Generosity - Together vs. Connected

    June 24, 2020 | Counselor's Corner by Lisa Blackwood

    It’s hard to get an accurate read on the nation’s psychological state right now. Our national identity is in real-time. The human impulse, like almost every other dimension of human behavior, has been tested in the virtual realities that increasingly surround us. As our transactions and reality have increasingly shifted online, our brains have had to cope with more information, more distraction, and many more computations than ever before.


    The natural human impulse to be generous continues as millions of people responding with acts of generosity, finding ways to bring food to elders, hosting virtual cocktail parties. People are checking in with each other. You hear of these 50-person family reunion Zoom calls.


    We are experiencing a sort of deep, visceral attunement over the internet when we see another person’s face and hear the vocal tone. The internet is a huge variable in this pandemic. We have a profound new way to comfort one another. That warm feeling of wellbeing that washes over you when you have done something kind for another person isn’t just in your head. It’s in your brain chemicals, too.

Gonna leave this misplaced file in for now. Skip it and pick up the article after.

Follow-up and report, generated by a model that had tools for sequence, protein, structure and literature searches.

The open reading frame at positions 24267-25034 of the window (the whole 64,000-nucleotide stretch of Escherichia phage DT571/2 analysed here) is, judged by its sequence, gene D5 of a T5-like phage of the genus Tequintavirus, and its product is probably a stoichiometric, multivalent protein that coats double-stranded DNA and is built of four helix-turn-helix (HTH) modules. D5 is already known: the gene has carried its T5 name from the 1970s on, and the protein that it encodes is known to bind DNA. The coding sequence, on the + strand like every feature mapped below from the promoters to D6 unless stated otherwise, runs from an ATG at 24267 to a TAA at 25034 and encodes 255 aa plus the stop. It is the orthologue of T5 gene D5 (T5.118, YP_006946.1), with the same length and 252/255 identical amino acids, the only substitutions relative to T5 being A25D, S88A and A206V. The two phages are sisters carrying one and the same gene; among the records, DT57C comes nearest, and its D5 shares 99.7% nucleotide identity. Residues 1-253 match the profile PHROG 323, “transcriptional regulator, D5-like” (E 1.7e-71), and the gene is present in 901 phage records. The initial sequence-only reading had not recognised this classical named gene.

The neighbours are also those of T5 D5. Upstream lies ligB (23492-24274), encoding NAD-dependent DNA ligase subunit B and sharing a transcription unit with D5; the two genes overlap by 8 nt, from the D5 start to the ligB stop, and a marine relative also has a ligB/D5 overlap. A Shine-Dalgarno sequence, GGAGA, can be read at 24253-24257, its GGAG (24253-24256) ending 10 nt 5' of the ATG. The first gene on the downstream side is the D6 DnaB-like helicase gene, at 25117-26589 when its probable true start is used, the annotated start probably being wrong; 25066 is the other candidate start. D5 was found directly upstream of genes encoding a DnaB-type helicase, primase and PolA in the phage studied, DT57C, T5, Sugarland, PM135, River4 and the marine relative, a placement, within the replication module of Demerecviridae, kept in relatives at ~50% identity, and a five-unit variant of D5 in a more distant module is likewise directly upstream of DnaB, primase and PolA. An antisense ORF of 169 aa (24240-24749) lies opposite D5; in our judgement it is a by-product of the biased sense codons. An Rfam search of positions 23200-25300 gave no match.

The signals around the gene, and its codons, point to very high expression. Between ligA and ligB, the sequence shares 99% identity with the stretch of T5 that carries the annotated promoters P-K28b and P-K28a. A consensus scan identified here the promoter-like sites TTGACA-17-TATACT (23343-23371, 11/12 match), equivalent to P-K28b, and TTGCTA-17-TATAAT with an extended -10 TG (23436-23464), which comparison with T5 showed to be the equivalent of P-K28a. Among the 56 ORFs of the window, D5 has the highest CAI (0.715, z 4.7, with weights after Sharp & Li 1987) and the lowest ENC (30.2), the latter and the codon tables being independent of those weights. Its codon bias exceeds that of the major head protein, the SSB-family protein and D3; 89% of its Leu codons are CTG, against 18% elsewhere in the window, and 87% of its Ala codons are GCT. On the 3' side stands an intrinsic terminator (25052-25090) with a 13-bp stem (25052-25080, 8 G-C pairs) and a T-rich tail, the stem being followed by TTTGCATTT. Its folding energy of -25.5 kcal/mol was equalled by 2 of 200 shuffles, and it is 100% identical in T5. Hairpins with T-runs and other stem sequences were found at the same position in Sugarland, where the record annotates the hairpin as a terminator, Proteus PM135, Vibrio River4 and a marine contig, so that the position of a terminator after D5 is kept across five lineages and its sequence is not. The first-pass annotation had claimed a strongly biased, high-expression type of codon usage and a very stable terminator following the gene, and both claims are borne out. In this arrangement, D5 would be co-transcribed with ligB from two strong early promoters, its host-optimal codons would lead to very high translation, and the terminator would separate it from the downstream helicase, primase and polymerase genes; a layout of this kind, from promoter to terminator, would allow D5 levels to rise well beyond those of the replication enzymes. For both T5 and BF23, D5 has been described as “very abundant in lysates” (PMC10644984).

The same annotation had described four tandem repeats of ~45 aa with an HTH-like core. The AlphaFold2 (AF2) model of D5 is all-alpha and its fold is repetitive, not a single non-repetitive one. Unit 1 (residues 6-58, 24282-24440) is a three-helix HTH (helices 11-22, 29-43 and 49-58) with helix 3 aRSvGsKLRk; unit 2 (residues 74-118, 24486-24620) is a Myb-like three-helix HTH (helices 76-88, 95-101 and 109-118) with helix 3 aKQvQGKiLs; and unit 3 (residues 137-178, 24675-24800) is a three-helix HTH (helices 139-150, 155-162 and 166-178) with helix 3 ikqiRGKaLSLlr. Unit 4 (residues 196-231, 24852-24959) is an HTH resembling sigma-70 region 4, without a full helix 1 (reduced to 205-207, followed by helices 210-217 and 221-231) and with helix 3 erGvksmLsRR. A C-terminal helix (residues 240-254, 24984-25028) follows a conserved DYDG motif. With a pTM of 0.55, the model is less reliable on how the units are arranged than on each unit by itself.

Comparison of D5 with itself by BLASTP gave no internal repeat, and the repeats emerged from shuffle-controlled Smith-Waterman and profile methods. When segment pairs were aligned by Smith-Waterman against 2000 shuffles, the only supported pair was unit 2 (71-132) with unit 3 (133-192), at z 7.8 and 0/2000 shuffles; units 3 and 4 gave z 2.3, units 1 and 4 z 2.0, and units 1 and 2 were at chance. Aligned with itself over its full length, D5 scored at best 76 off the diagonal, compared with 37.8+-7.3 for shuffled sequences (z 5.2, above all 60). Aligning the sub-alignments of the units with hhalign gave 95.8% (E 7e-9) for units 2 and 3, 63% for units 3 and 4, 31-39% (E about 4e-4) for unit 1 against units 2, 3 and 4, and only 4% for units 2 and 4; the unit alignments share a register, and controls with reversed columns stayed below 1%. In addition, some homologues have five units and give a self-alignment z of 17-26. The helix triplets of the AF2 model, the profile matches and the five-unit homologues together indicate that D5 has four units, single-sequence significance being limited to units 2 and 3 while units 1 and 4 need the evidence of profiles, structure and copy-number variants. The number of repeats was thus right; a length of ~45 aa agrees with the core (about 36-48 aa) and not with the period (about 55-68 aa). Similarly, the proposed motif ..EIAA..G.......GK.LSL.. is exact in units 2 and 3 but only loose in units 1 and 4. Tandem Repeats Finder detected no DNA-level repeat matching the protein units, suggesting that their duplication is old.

Acts of generosity can release dopamine and endorphins that give people a sense of euphoria and oxytocin, which is associated with tranquility, serenity, or inner peace. These hormones contribute to your mood and overall wellbeing. Oxytocin is a natural chemical to defend against depression and anxiety. Oxytocin plays a role in forming social bonds and trusting other people. When people are generous, it activates the mesolimbic pathway region of the brain associated with pleasure, social connection, and trust by releasing dopamine, a chemical messenger in the brain that can give you a stimulus or feeling of euphoria.


    In addition to boosting oxytocin and dopamine, being generous can also increase serotonin, a neurotransmitter that helps regulate mood and increase levels of an endorphin-like chemical in the body called substance P, which can relieve pain.


    By focusing on understanding generosity in our new virtual world, we are creating a new context that has never existed before. Not only can this lead to a potential breakthrough of how much we give, but it could also well make us happier. The rewards of generosity are many; it helps us feel better and helps those who receive. Thus, building better selves and better communities at the same time.


    Lisa Blackwood MS MA LPC-S #19803 LCDC #4965 EMDR Certified

    Back to Articles